Trinity College Dublin

Skip to main content.

Top Level TCD Links

Appropriate Background Colours

Challenge to Accessibility:

Without a good colour contrast between the text and background it is difficult for your audience to read your slides. The colours chosen for the text and slide background should provide good contrast without glare. For example, dark blue combined with a light cream colour has good legibility.

How to ensure accessible background colouring:

  • Aim for high colour contrast for readability. However, avoid pure black on pure white as this high contrast can cause glare and headaches for some.
  • To amend the background colour within the slide navigate to Design > Format BackgroundImage of the box containing the background colour option
  • From the dialogue box that opens select the 'fill' then 'fill colour' to view available colours.
  • Once an appropriate colour has been selected you can apply it in one of two ways. If you wish the background colour to be shown on all slides select Apply to All', if the background colour should only be applied to that specific slide select Apply'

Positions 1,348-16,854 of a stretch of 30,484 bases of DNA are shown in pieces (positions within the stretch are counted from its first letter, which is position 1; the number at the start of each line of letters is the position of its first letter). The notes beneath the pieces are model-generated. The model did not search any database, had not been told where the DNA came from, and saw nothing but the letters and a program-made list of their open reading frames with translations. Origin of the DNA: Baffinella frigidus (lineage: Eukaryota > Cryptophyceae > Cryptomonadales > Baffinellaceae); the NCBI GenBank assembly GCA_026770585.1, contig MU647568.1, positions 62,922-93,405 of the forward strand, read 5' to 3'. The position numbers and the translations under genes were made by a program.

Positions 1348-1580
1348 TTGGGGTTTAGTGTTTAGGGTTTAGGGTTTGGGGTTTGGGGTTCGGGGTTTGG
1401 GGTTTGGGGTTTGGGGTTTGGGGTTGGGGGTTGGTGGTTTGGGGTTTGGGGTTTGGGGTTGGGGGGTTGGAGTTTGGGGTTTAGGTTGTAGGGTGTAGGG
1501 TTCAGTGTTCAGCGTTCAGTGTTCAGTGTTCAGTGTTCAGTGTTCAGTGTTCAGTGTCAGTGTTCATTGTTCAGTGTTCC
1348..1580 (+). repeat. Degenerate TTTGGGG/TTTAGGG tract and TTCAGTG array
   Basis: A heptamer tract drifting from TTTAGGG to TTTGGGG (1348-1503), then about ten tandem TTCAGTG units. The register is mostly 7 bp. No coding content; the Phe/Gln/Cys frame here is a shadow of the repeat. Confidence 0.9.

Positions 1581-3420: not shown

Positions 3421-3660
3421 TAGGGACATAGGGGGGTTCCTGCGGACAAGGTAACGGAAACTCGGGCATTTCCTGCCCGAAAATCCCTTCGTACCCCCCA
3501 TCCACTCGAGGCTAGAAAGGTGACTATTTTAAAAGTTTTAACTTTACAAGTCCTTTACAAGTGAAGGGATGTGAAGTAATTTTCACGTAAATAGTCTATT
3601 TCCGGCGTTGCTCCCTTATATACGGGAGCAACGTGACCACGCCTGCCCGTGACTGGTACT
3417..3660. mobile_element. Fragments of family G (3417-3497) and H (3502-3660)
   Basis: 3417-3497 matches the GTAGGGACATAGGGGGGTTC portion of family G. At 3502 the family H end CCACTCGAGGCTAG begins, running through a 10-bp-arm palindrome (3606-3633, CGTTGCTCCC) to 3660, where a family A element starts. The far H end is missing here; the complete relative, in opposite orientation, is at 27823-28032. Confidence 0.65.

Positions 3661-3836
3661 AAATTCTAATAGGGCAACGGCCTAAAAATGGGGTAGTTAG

Ensure that you have a high colour contrast bearing in mind that everyone may not perceive colours as clearly as you do.

Avoid:black on white - causes glare

     

    • green on red and vice versa. Some of your audience may be colour blind.

     

    • black on white, as this combination can cause glare for some members of your audience. To get a black on white effect without the glare you could choose an off white, cream background.

 

 

    Bad colour contrast examplegood colour contrast example

  • The environment in which the presentation is being delivered will also affect the readability of material. For example, if presenting in a light room, display dark coloured text on a light coloured background. Conversely, if presenting in a darkened room, ensure the background colour is dark and the text light. If using a dark background ensure the weight of text is increased (e.g. bold).

 

 

 

Back to top

 


Last updated 28 September 2016 by Trinity Inclusive Curriculum (Email).